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Wyoming FFA Members Explore AGvocacy

Written by Stacy Broda

By Stacy Broda, Wyoming FFA Association Advisor

Wyoming FFA members, industry partners, community members and leaders all took part in the first annual Wyoming Agriculture Advocacy Week, held Jan. 26-Feb. 1. The idea of advocacy week was hatched by the Wyoming FFA State Officers as they visited about the lack of knowledge in society about agriculture and food products. 

FFA members were asked to visit with members of their communities, join in the #VoiceforAg social media campaign and participate in a video and essay contest, both with the theme “A Voice for Agriculture.”   

After being reviewed by a panel of judges, the top five essays were determined. Top essays were submitted by Mike Espy of the Little Snake River FFA Chapter in Baggs, in fifth place, Buck Butterfield of the Chief Washakie FFA in Worland in fourth place, Taylor Fulfer of the Chief Washakie FFA in third place and Becca Weber of the Shoshoni FFA Chapter in second. 

The first place award went to Matthew Winterholler of the Gillette FFA. Matthew will receive a $100 cash prize donated by Ben and Teresa Milner. Thanks to the Wyoming Livestock Roundup for supporting this initiative and printing the winning essay from Matthew.

 

A Voice for Agriculture

By Matthew Winterholler, Gillette FFA Chapter

Agriculture: not only does it run deep in our nation’s roots, but it’s also the future of the world’s super power. The agriculture industry is the heart of America. As the FFA Creed states, “I believe that American agriculture can and will hold true to the best traditions of our national life,” proving that agriculture is still prevalent in today’s busy world while also being the rock of America in our modernized society. 

Just because agriculture holds true to the best traditions of our national life doesn’t mean that it isn’t modernizing, as well. Many new advances in agriculture have led to the American farmer being able to feed 155 people, whereas in 1960, the American farmer fed only 28.5 people. This is the reason why it’s important to advocate for agriculture.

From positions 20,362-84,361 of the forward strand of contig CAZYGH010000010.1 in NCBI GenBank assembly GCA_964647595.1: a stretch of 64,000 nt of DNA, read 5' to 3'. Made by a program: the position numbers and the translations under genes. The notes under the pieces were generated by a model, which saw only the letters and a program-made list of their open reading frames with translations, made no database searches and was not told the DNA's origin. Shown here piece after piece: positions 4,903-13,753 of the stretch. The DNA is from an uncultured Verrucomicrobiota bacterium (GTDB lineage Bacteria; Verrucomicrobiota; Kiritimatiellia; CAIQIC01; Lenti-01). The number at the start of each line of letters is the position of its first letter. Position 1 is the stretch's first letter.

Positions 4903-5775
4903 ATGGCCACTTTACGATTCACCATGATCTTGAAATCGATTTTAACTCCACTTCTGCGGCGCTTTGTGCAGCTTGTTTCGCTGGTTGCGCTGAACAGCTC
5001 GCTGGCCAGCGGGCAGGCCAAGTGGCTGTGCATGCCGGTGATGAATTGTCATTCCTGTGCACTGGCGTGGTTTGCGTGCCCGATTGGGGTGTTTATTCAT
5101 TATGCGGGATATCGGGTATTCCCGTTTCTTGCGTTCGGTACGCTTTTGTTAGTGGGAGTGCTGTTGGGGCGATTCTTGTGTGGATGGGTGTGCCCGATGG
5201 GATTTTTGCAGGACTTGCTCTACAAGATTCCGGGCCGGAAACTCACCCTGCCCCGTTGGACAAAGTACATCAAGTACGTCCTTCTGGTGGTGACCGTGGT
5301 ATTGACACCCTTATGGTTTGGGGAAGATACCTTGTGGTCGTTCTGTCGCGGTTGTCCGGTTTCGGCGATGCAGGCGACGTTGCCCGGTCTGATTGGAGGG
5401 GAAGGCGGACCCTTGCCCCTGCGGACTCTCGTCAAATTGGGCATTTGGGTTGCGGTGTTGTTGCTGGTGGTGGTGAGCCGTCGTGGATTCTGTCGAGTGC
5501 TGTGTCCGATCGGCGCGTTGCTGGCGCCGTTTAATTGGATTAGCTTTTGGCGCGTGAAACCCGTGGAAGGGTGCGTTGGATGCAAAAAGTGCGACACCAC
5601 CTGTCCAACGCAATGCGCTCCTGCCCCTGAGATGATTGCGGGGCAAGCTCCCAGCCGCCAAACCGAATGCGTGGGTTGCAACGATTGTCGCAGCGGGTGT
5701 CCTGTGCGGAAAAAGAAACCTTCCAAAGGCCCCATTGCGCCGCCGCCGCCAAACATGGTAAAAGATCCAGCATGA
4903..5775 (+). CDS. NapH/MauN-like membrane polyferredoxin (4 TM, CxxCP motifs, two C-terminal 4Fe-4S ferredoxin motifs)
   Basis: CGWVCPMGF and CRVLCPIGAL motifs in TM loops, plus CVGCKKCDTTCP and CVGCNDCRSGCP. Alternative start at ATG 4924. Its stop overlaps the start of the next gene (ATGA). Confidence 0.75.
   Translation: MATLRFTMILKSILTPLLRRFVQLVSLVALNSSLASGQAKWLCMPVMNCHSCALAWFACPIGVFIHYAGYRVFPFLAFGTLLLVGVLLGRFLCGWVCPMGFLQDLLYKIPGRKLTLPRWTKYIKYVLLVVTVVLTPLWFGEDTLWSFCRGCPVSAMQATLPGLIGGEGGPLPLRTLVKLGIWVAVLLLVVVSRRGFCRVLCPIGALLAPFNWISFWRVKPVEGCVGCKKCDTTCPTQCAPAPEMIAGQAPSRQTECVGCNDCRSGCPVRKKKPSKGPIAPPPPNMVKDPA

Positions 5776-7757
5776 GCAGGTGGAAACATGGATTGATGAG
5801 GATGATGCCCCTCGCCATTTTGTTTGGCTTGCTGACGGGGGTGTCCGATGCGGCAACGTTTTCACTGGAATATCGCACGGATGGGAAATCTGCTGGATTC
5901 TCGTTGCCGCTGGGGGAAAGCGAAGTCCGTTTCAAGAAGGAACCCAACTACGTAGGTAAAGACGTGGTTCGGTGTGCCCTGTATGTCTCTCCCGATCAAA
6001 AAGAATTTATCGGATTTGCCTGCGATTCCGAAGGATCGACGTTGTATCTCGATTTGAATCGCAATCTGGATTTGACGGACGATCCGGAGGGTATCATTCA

Advocating for the nation’s largest industry is no small feat. With the hundreds, even possibly thousands, of misconceptions floating around out there, advocating can be a daunting task for any young agriculturist. There are articles such as ones titled, “10 Reasons to Avoid GMOs” and “Modern Agriculture is Bad for Our Health” skewing the truth about agriculture and the ways that progressive agriculturists have improved agriculture through and through. 

So how do we, as agriculturists, set the record straight?

There are many tools FFA members can use to persuade people with the positives of agriculture. First, many people need to realize that just because there are extreme activists trying to take down the industry that we love, there are also a lot of people that can be swayed to the pro-agriculture side. In order to do this, start off with a personal story, not a fact or statistic, to gain a connection with the person needing convinced. After the personal story is told, then myths can be addressed. If agriculturists can address the myths of our industry while also making a personal connection with people along the way, the job becomes much easier.

Agriculture advocacy can be tough. However, if FFA members and other young agriculturists work together, myths can be debunked quickly, and the industry can get back to what is most important – finding innovative ways to feed an increasingly demanding world. If America’s citizens learn the truth about agriculture, along with innovation and technology, the industry which has sparked a fire within many young people will once again be unstoppable.